Crab Tactica – The Dynasty Phase

Crab Tactica – The Dynasty Phase

Kaui Burei by Bertuccio

I’ve been carrying out a number of experiments with different opening turns for Crab with the goal of ironing out inconsistencies, and it’s been bearing some fruit. One of the difficulties in L5R is the amount of brain power the game requires, especially over the course of a long tournament, so any automation where decisions are concerned is welcome. I’ve been tinkering with some different mulligan priorities and build strategies. These priorities shift depending on board state, and they do have exceptions, but I’ve found some general guidelines which are helpful in most situations. These aren’t big revelations and I’m not the first player to talk about them. These seem to be common conclusions from across the world that we saw at Worlds, Pax, and Madrid. They do form a solid foundation for new Crab players, and are a key start to this series of Crab Tactica.

Minor Characters: Cost 0-2 fate
Major Characters: Cost 3-5 fate


General Guidelines


Choosing whether to go first or go second:
Given the choice, go second. Crab focuses on subtle economic edges and every point of fate counts. Going second gives you one more fate and the first conflict on turn 2, which lets you grab another fate from a ring. The major exception to this rule is when you’re facing off against Lion, due to the threat of them attacking first with a Lion’s Pride Brawler. But even against Lion, going second may be the correct choice. Strictly, you don’t get to see your opponent’s stronghold before you decide, but often you’ll be familiar with your opponent or in the higher brackets will get to see their decklist first. If you’re comfortable with dealing with Lion’s Pride Brawler., you should likely go second, and facing a turn one LPB is a scenario that’s worth practicing against, because, more likely than not, you’ll have to face it in a tournament at some point.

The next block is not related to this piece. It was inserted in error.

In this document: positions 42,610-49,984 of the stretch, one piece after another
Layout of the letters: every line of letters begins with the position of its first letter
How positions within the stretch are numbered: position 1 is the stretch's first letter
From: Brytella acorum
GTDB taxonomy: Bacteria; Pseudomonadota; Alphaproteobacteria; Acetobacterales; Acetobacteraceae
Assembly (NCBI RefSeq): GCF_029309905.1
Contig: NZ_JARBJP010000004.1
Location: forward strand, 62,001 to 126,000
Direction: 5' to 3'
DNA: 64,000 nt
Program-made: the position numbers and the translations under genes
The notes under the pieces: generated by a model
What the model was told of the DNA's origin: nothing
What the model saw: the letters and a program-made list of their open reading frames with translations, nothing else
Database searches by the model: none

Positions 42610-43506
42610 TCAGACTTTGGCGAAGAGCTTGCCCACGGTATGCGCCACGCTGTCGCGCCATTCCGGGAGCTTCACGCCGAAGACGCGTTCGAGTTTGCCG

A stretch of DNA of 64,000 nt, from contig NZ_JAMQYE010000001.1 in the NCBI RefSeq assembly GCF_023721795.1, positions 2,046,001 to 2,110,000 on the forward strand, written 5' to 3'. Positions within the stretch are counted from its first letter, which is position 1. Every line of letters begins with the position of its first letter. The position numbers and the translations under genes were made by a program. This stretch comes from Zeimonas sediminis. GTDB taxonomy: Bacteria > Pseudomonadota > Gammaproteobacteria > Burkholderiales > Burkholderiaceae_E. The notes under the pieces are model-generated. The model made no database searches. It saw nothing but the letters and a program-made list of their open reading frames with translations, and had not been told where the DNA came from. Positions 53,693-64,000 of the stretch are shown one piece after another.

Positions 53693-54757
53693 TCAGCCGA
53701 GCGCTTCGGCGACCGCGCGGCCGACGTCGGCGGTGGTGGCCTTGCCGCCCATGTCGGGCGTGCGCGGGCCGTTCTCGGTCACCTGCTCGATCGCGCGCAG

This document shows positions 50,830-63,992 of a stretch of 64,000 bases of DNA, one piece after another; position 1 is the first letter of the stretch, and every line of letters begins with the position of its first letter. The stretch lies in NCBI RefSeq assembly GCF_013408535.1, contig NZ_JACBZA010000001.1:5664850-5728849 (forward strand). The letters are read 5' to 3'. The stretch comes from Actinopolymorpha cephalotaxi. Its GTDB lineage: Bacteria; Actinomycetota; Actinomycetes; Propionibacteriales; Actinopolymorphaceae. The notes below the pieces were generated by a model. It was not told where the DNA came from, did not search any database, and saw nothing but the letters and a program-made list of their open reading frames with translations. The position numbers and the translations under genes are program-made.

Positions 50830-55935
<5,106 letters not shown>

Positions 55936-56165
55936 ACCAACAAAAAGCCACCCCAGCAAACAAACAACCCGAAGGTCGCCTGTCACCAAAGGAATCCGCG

Exception: Lion really, for the reasons stated above.

Pass first in the Dynasty Phase:
It gets you a valuable extra fate, denies your opponent a fate, and helps save fate in general. Unless the board state is urgent, you should always consider passing every time you get the option. You also want to make sure you have a fallback if your opponent passes before you, so always check your opponent’s dynasty options before you take an action during the Dynasty Phase. If your opponent has nothing attractive to build, he may pass before you, and you should try to make sure that your response is not a lame dejected “Pass.” Sometimes, it will be, but if your opponent does pass first, weigh your options and consider expanding your board. Passing early and often also leaves face-up personalities who are valuable Charge! fuel. Charging in a Vanguard Warrior may seem less epic and conflict-changing than Charging Hida Kisada, but you can still sacrifice the Warrior to place an extra fate on a key character.